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Pure Yoga’s Loren Bassett on the Best Yoga Poses for Everything

After the relative calm of August, September marks the beginning of the always-bananas fall. It’s no wonder that this is also National Yoga Month—we can all use a reminder to take a few deep breaths. And, while the Birchbox eds are big yogis (at home and on the road), we know there are plenty of you who are yet to be sold. That’s why we’ve asked Pure Yoga to give us some tips on bringing yoga into our everyday.

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(Photo: Pure Yoga)

We’ve all had days when something happens that makes us want to EEEE! at the top of our lungs or when we feel like we’re moving through molasses. When that happens there are some simple yoga postures that can help. Pure Yoga’s Loren Bassett breaks it down.

When you’re stressed: Child’s Pose and Savasana are beautifully relaxing and grounding postures, calming the nervous system and promoting relaxation.

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5 Yoga Myths Debunked

After the relative calm of August, September marks the beginning of the always-bananas fall. It’s no wonder that this is also National Yoga Month—we can all use a reminder to take a few deep breaths. And, while the Birchbox eds are big yogis (at home and on the road) we know there are plenty of you who are yet to be sold. That’s why we asked the experts Pure Yoga in New York for tips on finding your yoga groove. Managing teacher Terrence Monte already told us how to find our yoga match, now he’s dispelling five rampant myths.
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Myth #1: You can’t do yoga if you’re not flexible
I don’t go to the dentist because my teeth are terrible. But that’s not a reason not to do it. Going to the dentist will markedly improve your teeth. Going to yoga will markedly improve your flexibility NOW and in the future. Stop waking up with soreness, tightness, and back pain. Come do yoga.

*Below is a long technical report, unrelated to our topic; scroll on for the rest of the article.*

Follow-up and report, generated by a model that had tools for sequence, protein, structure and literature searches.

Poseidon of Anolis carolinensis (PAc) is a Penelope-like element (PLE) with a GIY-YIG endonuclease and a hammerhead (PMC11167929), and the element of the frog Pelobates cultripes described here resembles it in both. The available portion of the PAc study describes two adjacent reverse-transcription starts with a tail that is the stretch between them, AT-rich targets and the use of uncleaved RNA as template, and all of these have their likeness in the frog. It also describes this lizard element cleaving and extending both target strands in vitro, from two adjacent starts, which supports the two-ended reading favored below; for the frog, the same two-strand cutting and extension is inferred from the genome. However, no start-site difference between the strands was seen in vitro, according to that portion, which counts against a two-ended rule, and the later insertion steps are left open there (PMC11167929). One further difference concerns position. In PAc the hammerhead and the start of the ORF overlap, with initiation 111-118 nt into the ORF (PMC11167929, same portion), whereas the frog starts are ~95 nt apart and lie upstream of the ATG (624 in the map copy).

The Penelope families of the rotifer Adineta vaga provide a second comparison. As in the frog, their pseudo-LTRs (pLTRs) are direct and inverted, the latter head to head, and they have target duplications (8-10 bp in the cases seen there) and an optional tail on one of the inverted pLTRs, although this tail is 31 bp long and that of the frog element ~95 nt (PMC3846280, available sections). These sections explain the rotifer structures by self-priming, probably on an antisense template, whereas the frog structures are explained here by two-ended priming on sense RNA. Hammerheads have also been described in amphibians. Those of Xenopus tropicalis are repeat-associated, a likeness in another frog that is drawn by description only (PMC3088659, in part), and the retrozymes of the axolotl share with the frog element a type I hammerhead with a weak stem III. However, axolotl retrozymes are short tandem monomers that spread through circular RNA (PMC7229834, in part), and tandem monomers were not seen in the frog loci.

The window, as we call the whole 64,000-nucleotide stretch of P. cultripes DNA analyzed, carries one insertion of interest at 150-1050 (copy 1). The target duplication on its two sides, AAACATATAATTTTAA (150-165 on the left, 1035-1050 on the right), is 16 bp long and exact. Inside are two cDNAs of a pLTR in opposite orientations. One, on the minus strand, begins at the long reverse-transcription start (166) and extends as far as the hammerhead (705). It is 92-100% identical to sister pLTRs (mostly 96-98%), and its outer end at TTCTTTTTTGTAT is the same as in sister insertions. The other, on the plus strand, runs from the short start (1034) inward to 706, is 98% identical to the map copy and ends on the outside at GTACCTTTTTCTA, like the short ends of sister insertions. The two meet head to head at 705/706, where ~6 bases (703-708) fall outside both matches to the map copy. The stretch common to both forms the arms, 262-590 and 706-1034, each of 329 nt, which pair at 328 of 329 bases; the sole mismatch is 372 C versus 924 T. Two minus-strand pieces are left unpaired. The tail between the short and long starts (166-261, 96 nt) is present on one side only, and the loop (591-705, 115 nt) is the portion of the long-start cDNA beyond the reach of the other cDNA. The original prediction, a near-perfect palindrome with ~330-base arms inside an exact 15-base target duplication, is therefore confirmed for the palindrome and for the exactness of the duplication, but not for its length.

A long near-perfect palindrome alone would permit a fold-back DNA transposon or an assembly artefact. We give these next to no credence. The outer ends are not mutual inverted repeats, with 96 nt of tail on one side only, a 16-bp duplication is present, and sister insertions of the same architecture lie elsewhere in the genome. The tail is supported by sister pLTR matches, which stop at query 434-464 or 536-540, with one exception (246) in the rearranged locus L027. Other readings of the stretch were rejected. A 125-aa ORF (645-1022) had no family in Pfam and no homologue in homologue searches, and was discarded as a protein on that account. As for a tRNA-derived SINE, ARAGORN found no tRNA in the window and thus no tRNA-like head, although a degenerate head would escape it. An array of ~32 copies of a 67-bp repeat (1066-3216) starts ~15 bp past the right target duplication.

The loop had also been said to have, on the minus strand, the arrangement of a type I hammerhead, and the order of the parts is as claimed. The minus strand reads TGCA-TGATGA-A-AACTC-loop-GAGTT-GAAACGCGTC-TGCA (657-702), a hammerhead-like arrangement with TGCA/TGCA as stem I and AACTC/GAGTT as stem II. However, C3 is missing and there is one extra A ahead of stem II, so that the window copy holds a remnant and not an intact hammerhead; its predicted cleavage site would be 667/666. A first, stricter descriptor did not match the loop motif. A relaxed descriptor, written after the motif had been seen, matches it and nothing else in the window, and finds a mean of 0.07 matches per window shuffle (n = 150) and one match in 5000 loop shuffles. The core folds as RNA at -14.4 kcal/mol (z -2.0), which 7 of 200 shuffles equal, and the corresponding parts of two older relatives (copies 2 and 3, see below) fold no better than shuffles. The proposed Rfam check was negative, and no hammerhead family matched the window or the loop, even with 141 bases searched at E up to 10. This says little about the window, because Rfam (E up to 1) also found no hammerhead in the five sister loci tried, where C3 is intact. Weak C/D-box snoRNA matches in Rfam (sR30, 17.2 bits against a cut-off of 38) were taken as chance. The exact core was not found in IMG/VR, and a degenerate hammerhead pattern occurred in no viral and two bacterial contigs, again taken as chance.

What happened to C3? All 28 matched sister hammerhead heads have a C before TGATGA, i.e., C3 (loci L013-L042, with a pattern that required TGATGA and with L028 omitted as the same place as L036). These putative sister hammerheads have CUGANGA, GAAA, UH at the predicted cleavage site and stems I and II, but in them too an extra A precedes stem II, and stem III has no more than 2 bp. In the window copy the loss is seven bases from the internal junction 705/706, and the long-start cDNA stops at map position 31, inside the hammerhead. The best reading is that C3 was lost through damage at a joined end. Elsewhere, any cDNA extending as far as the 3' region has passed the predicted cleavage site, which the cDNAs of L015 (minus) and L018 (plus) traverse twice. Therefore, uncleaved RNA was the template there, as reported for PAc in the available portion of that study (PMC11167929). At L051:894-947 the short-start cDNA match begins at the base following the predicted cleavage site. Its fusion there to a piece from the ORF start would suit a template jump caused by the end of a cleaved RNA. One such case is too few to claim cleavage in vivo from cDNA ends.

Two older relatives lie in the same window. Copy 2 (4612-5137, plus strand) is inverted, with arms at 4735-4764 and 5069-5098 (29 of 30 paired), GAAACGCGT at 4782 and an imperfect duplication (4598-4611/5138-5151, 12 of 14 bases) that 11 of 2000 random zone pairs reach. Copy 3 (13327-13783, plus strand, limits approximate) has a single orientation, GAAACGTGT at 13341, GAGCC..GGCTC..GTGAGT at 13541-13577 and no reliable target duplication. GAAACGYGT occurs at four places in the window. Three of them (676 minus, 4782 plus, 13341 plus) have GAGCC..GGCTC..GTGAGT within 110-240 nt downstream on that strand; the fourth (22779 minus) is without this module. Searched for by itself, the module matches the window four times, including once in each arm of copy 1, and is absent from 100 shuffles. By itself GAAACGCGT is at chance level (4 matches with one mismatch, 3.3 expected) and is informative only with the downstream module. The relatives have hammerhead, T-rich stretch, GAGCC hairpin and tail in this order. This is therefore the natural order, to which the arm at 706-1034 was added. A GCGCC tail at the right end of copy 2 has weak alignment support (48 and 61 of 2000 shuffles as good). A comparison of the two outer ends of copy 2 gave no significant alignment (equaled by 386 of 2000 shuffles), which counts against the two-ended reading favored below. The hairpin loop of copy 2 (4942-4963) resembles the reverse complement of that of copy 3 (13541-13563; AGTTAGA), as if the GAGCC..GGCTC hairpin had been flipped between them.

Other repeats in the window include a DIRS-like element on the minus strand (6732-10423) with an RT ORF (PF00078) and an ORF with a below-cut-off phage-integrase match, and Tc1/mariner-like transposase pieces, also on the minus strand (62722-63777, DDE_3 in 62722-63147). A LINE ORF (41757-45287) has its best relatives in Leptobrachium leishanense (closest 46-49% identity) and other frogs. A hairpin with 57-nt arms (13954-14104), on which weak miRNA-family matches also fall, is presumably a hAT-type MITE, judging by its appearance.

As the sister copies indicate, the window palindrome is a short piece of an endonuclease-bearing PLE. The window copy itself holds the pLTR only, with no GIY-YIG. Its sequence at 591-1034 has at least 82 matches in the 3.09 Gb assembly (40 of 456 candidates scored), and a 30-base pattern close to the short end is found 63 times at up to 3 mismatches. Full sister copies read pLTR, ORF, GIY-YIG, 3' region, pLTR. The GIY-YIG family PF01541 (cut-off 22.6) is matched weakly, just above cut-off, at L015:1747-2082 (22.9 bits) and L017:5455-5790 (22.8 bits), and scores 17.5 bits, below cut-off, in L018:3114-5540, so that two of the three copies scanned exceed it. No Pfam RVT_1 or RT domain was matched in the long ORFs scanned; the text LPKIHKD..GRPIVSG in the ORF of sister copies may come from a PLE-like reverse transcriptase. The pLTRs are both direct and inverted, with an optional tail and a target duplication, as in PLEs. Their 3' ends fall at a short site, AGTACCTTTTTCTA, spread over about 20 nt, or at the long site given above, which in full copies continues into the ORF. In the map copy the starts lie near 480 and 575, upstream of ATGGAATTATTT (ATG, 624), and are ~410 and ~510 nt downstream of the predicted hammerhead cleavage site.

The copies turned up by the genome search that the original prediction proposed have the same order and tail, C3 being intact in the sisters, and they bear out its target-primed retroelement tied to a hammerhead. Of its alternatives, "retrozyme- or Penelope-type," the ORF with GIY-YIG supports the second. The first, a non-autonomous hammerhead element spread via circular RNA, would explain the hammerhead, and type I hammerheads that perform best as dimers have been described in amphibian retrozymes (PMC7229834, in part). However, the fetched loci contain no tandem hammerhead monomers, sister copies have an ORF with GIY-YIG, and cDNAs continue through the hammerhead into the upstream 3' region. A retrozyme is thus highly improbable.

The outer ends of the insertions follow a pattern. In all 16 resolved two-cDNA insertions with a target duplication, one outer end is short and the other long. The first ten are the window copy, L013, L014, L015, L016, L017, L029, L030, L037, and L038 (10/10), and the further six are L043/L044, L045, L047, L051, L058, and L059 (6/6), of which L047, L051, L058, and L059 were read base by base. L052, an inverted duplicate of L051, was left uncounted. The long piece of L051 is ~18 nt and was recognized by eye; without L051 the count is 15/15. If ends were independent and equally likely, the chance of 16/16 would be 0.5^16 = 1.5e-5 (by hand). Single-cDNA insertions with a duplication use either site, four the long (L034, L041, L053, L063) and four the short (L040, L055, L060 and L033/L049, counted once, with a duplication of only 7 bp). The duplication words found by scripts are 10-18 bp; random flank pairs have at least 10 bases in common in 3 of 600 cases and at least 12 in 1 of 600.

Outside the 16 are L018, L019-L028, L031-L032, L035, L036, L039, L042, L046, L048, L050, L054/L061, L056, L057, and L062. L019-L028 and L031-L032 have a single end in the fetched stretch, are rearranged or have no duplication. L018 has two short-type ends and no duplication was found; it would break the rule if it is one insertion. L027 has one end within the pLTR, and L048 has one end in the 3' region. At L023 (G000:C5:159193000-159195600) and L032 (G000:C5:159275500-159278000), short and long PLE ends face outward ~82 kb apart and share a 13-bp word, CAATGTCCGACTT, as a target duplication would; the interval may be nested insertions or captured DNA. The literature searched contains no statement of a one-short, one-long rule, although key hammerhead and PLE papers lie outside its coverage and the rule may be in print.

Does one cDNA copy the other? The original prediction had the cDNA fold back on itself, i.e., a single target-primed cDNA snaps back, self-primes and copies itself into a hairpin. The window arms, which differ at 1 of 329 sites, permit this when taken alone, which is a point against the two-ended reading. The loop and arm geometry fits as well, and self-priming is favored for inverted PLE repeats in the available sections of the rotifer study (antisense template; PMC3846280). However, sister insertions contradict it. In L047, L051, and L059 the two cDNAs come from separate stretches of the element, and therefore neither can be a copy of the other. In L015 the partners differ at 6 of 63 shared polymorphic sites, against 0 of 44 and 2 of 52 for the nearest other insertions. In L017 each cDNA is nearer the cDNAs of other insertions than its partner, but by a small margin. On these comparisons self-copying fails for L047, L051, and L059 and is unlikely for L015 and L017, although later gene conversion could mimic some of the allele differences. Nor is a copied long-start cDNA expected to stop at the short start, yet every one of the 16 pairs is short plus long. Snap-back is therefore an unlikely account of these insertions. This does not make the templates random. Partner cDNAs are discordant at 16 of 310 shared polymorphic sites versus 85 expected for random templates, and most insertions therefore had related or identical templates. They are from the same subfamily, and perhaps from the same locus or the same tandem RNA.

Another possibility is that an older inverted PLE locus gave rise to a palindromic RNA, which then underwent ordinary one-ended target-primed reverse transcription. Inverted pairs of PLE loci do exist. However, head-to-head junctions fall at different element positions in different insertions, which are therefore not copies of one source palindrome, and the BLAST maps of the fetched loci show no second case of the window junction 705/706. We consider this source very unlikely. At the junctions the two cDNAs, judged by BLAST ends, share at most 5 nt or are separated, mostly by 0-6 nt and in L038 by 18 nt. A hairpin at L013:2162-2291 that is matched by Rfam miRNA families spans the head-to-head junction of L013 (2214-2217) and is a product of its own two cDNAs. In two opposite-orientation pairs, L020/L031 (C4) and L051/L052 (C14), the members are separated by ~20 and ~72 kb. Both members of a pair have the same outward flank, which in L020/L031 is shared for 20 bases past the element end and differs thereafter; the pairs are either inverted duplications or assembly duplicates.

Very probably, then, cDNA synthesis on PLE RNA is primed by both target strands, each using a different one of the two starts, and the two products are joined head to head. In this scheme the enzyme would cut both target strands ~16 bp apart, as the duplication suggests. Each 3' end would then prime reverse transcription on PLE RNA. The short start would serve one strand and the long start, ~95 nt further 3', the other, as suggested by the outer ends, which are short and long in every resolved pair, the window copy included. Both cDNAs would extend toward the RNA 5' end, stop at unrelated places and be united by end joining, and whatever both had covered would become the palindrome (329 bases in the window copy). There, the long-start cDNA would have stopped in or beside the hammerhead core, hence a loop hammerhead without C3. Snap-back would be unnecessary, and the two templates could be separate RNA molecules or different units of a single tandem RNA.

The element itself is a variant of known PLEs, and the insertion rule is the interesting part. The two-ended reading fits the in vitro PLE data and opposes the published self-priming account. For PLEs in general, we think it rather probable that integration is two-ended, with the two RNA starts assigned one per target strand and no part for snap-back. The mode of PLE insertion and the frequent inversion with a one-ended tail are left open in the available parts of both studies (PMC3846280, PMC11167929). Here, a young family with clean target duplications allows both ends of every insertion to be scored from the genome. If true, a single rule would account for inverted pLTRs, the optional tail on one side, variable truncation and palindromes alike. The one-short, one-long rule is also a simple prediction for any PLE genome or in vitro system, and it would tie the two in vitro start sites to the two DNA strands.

Myth #2: You have to be crunchy granola to love yoga
It’s true. Some yogis are vegans, wear burlap, and apply patchouli instead of deodorant. But, on the flip side, there are also plenty of yogis who were once in finance or engineering (present company included) or owned a business. These yogis are relatable and down to earth, and won’t force you to go vegan. They might ask you to “Om,” but they also won’t make you feel stupid for faking it. If you don’t want to chant, don’t; if you don’t want to meditate, don’t. But this is two minutes of a 60-minute class that might actually change the way you feel about your body and your life. Find a teacher who resonates with you.
 

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How to Pick the Right Yoga Class

After the relative calm of August, September marks the beginning of the always-bananas fall. It’s no wonder that this is also National Yoga Month—we could all use a reminder right about now to take a few deep breaths. And, while the Birchbox eds are big yogis (at home and on the road) we know there are plenty of you who are yet to be sold. That’s why we asked the experts Pure Yoga in New York for tips on finding your yoga groove. Here, managing teacher Terrence Monte diagnoses the right type of yoga for every need.

In general, beginners should try several different styles with several different teachers. Neophytes come into yoga with very specific, often misconceived, ideas of what yoga is. If you take classes with three different teachers, you’ll see a huge spectrum of what yoga can be. Once you have the moves down, find a teacher that quickens your blood. It is the teacher, not the style, that matters most in yoga practice. Align yourself with one who speaks to you (literally and metaphorically), and you will come back for more. 

If you need rebalancing: Go for Slow Flow. New York City is fast-paced, in your face, and aggressive. This can put you off kilter and leaving you feeling abused. A Slow Flow class can put things in perspective. You will still have an athletic challenge—people actually say holding these poses is more challenging—and you will get in touch with a slow, steady, cyclic, meditative breath. 

If you’re an athlete: Most athletes have short, quick-burst muscles (this is a generalization for sure). Depending on the sport of choice, the athlete is nursing an injury, or looking to supplement their sport with something to keep them healthy. Look for classes taught by an instructor with an athletic (not necessarily dancer) background. Yoga for Athletes or Yoga for Runners are great choices for any athlete.
 
If you’re nursing an injury: Try a Yin/Yang class. This is typically 45 minutes of asana (Yang) and 45 minutes of restorative (Yin). You get a little work, and a little healing. It’s the perfect blend for someone nursing an injury.
 
If you’re an adrenaline junkie: Hot Power is where you belong. When you’re in 105-degree room with the music blasting, the sweat starts pouring out before you start moving. Look for Level 2/3 Hot Powers taught by teachers who are known for being bad-ass, and who practice where they teach. There’s typically no chanting, little breath work, and NO talking about vegetables or animal rights. This is all movement for an hour.
 
Check back for more yoga tips from Pure Yoga’s experts. In the meantime, take a look inside at this month’s Birchbox Magazine.